Finding the Positive

As I type this, it’s the close of Day 1 of my local community’s lock down. The world has not seen anything like this pandemic since the influenza outbreak of 1918. We are modern. We have prescription insurance and anti-bacterial hand soaps. We shouldn’t have to fear plagues, so what is this? What happened?

In a culture that a few weeks ago was overscheduled, hectic, stressed, busy, and addicted to social media, with nothing more exciting going on than political debates and watching Prince Harry of Great Britain repeating the actions of his ancestor, King Edward VIII, who abdicated royal responsibilities so he could spend his life with the divorced American woman he loved–suddenly, bam, pandemic.

As disruptive and frightening as it is, this health crisis–once and if we and our loved ones get through it–will eventually serve as fascinating fodder for future stories. We have plummeted into changes we could never have foreseen, and our emotional confusion is nearly overwhelming.

A writer’s chief stock in trade is character emotion. It fuels characters. It motivates characters. It drives them to smoulder and plan and weigh options and take action. It makes them seethe, resent, fret, lash out, worry, agonize, fear, flee, and panic.

This month, I have witnessed fear and panic. I have seen empty store shelves–and never before have I ever seen a huge supermarket wiped out of meat in a day. I have seen hoarding of supplies. I have seen generosity and kindness from strangers. I have seen people shaken from their self-absorption in their families and/or their social media friends to instead reach out and speak kindly to people they don’t know. I have seen the good in people, and I have seen barbarous indifference as shown in the Spring Break news feeds. At the latter, we shake our heads, yet it takes time to slow down a country and stop its wheels. We are a nation on the go, and yet now we sit on a side railing, waiting. We aren’t used to sitting idle. It’s unAmerican. It’s weird. We’re supposed to work, to go to school. We’re supposed to be busy and productive. We’re not supposed to sit in our homes, afraid when we venture out to move past the six-foot line. We’re not supposed to stay away from our workplaces or our houses of worship. We don’t quite believe this can be happening to us.

We’re in a situation that can certainly be called a lulu. If you ever needed to study human nature to gain insights into motivation, reaction, true nature, and capacity to act, here is opportunity. We are just over a century from WWI, just over a century from the deadly flu epidemic, just over a century from the sinking of the Titanic. History does repeat. It cycles around, and disaster strikes us when we aren’t paying attention. Disaster also forges us into something better than we were, or it shatters us.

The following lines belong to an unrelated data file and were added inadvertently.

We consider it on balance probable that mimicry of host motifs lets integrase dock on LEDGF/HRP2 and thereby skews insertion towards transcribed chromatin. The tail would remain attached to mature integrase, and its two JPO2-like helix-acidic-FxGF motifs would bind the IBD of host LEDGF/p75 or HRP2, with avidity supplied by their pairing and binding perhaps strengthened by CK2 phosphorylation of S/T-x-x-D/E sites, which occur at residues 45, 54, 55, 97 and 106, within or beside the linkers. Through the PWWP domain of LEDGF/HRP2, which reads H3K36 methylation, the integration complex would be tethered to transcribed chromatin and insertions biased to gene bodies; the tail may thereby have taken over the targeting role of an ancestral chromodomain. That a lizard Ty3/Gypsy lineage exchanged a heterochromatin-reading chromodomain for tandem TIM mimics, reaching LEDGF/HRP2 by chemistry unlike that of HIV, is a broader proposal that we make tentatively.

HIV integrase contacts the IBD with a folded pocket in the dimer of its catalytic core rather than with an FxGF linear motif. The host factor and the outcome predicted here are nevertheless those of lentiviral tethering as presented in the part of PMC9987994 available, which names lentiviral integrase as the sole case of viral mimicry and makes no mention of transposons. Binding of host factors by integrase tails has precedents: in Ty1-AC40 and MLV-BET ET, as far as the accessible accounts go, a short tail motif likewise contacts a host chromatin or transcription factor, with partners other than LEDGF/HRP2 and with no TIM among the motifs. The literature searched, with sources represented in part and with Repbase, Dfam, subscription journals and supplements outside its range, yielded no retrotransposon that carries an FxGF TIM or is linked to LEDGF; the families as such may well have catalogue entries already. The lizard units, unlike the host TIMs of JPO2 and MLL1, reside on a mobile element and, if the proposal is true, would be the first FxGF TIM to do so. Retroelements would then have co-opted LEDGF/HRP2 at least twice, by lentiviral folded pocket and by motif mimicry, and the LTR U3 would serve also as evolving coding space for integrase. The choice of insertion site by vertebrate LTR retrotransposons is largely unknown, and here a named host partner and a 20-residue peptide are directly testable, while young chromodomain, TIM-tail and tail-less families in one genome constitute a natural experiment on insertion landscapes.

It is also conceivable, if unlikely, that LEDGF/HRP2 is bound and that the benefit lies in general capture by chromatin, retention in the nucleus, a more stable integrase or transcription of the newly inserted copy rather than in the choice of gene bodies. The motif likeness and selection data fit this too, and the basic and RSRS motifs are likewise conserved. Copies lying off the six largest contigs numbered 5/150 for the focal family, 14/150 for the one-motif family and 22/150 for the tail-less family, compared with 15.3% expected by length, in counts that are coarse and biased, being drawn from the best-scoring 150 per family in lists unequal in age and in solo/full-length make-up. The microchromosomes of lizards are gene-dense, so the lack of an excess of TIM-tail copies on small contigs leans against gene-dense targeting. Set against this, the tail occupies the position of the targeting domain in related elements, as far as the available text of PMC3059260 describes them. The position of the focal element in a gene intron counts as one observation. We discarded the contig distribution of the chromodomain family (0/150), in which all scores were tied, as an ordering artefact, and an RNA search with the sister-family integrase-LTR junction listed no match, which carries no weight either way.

I don’t want to belittle the gravity of what we’re facing now. But it’s a chance to observe, to gain insight into deepening our stories.

The point of plots is to put a protagonist through a stress test to see what this individual is made of. How much can the protagonist take? What does the protagonist fear? What secrets does the protagonist harbor? What is holding the protagonist back, and how can the story events push him or her into changing?

It is typical human nature to resist change. Change is perceived on a psychological level as threatening, and some people dig in so stubbornly to avoid change that they would rather remain in an unsafe situation than do anything differently. Consider the 58-year-old man that’s 250 pounds overweight and at risk for a coronary. His doctor tells him he has to exercise by taking daily walks and eat a healthier diet. Frightened, the guy heads straight to the grocery store and loads up on broccoli, kale, flaxseed meal, and salmon fillets. He struggles his way through a week of power-walking, then skips a day because of work issues, then never catches back up. It’s too hard. It’s boring. He gets too hot. His shoes rub blisters on his toes. He’ll exercise on the weekends. He’ll exercise later. And kale tastes like cardboard. Flaxseed meal makes him itch. The fish doesn’t agree with him. He hates broccoli unless it’s smothered in cheese sauce with bacon bits sprinkled on top. Hey, he can order pepperoni pizza with broccoli on it, right? Sure. And what has he changed within a month of his doctor’s warning? Nothing.

Let’s hammer this point with another example:  the elderly individual that won’t leave her house despite widespread flooding and an evacuation order. She has nowhere else to go. No family to take her in. She’s terrified of being put in an old folks’ home. Her cat has disappeared in the rain and if she leaves her cat won’t have anyone to come home to. So the water rises, and every day the woman climbs higher in her house, until she’s trapped in the attic. Finally her little house is swept off its foundation and goes bobbing along in the torrential waters, necessitating rescue personnel to risk their lives to save her.